Why I Do What I Do

When I sit down each week to write this blog, on average I have about three ideas of what to write. I'll start to write one thing, then delete it, try another, delete that, return to the first, try a third, go back to the second, and the process continues until one of two things happens. One is that I find a topic or a story that feels "right," attribute that feeling to the nudge of the Holy Spirit, and go with it. The other thing is that I look at the clock and say, "I have another appointment in thirty minutes! I've got to finish this!" And so I write what fits into the time frame.

Today just happens to be one of those days when I literally do have another appointment in 30 minutes, but I don't want to use this time to draw an analogy or share a story or elaborate upon a song that I heard on the radio this morning. Instead, I'd like to take time to share from this pastor's heart of why I do what I do.

The summer before I started college, I went to a summer program for students interested in pre-medicine. I traveled to Boston and with students from around the country toured medical schools, heard from physicians, and visited hospitals. The group that I was in spent a day at Harvard Medical School and had a rare opportunity. The staff had a human heart in one their labs, and each of us were able to hold that heart in our hands. We put on our gloves, and one at a time the professor handed us the heart. It was one of the most awesome experiences of my life. I left with grand plans of becoming a cardiologist after seeing firsthand the intricacies of the body's life-giving organ.

Obviously, I am not a cardiologist now. But I am still a doctor of the heart. As a pastor, I'm constantly tending to the needs of the heart: relationships, death, grief, marriage, healing, repentance, and most of all --God's place in all these matters of the heart. It's dangerous. It's delicate. It's dramatic. It's demanding. It's something that I don't take lightly. At the same time, every part of this vocation abounds with awe, from trying to interpret God's Word on Sunday morning to searching for words to ask for healing with someone in a stark hospital room. And my "business partner" in this vocation is the Great Physician, who is the one mending the broken heart, cleansing the sinful heart, and pumping life into each of our hearts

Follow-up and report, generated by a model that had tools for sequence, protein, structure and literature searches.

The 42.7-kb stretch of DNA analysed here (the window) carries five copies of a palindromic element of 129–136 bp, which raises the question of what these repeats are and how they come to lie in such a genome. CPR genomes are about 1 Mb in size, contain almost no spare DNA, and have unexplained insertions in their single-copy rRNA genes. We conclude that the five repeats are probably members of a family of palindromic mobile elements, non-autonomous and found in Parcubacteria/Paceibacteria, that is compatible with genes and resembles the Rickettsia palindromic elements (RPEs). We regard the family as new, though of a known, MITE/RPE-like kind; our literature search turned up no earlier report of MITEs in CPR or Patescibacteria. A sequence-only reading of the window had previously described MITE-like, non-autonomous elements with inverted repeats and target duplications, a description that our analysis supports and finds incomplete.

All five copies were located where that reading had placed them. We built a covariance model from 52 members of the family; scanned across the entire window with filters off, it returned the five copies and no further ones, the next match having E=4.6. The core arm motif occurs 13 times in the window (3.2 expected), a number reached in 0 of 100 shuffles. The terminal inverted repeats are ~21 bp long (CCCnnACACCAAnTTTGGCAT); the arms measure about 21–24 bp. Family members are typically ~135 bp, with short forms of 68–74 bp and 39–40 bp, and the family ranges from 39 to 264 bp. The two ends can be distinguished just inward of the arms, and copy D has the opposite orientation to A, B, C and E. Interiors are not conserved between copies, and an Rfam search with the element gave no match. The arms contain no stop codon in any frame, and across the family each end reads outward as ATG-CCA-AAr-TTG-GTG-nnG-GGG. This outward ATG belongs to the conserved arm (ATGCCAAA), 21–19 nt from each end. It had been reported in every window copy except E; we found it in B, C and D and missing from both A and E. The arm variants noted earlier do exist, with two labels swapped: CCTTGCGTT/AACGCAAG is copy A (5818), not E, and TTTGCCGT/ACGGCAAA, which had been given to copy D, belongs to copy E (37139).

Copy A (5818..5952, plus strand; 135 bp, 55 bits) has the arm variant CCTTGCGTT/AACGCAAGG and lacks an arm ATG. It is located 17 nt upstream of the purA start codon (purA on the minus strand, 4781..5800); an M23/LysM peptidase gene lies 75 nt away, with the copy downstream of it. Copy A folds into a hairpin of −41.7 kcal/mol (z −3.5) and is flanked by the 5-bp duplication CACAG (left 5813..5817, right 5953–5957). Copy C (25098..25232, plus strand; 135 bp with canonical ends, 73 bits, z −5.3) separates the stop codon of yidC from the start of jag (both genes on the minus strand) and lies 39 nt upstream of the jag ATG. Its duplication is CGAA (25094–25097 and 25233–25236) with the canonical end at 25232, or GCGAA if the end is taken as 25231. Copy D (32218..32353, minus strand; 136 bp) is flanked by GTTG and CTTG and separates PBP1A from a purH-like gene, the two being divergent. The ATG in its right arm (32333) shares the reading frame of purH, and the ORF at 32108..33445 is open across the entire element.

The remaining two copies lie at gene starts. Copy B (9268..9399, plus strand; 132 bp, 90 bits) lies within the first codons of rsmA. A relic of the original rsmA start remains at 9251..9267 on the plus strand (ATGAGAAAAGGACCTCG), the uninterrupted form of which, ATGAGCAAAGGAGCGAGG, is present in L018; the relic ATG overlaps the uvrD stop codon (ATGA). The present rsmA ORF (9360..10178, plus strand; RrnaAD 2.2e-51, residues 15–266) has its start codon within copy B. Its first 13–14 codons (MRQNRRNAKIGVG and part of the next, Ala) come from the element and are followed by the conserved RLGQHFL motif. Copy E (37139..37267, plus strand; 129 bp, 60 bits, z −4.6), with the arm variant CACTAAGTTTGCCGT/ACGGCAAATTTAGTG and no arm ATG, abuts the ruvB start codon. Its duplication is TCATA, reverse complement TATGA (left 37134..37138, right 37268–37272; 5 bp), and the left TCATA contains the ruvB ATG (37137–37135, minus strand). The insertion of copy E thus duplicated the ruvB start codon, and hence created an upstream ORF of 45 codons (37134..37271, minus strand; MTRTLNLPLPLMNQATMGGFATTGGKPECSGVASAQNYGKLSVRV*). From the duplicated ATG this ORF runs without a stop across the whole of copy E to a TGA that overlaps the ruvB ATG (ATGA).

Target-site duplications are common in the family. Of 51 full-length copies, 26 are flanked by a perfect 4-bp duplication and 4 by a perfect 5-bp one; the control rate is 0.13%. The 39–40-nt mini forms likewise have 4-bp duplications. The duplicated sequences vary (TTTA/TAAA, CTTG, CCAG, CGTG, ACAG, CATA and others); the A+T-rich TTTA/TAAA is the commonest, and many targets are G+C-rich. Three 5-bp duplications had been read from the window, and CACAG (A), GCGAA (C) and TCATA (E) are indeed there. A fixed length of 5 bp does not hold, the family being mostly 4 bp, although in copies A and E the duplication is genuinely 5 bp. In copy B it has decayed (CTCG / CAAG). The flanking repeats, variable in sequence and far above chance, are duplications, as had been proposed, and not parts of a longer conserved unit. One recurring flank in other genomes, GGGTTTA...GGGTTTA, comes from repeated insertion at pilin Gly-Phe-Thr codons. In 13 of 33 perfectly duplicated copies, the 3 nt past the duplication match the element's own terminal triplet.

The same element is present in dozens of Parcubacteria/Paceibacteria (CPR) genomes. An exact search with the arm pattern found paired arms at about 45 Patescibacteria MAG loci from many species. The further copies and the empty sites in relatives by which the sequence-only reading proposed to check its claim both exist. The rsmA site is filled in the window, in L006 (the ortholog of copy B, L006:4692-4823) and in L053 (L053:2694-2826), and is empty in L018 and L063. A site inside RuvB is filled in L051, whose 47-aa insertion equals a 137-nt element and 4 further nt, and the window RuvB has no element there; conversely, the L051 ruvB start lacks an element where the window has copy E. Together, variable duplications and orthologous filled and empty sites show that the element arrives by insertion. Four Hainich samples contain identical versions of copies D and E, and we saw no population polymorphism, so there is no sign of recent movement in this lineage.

We don't have to be ordained ministers to work with the heart. Each of us in our vocations can find the awe and joy amid the difficult dramas, and I pray that each of you will work daily with the Physician to heal, to help, and to make whole. I love what I do. And I pray that you will, too. Thanks for opening your hearts to me, as I open mine to you, and we all open our hearts to the one who makes us whole.

grace, peace, love, and good stuff to each of you--
Pastor Darian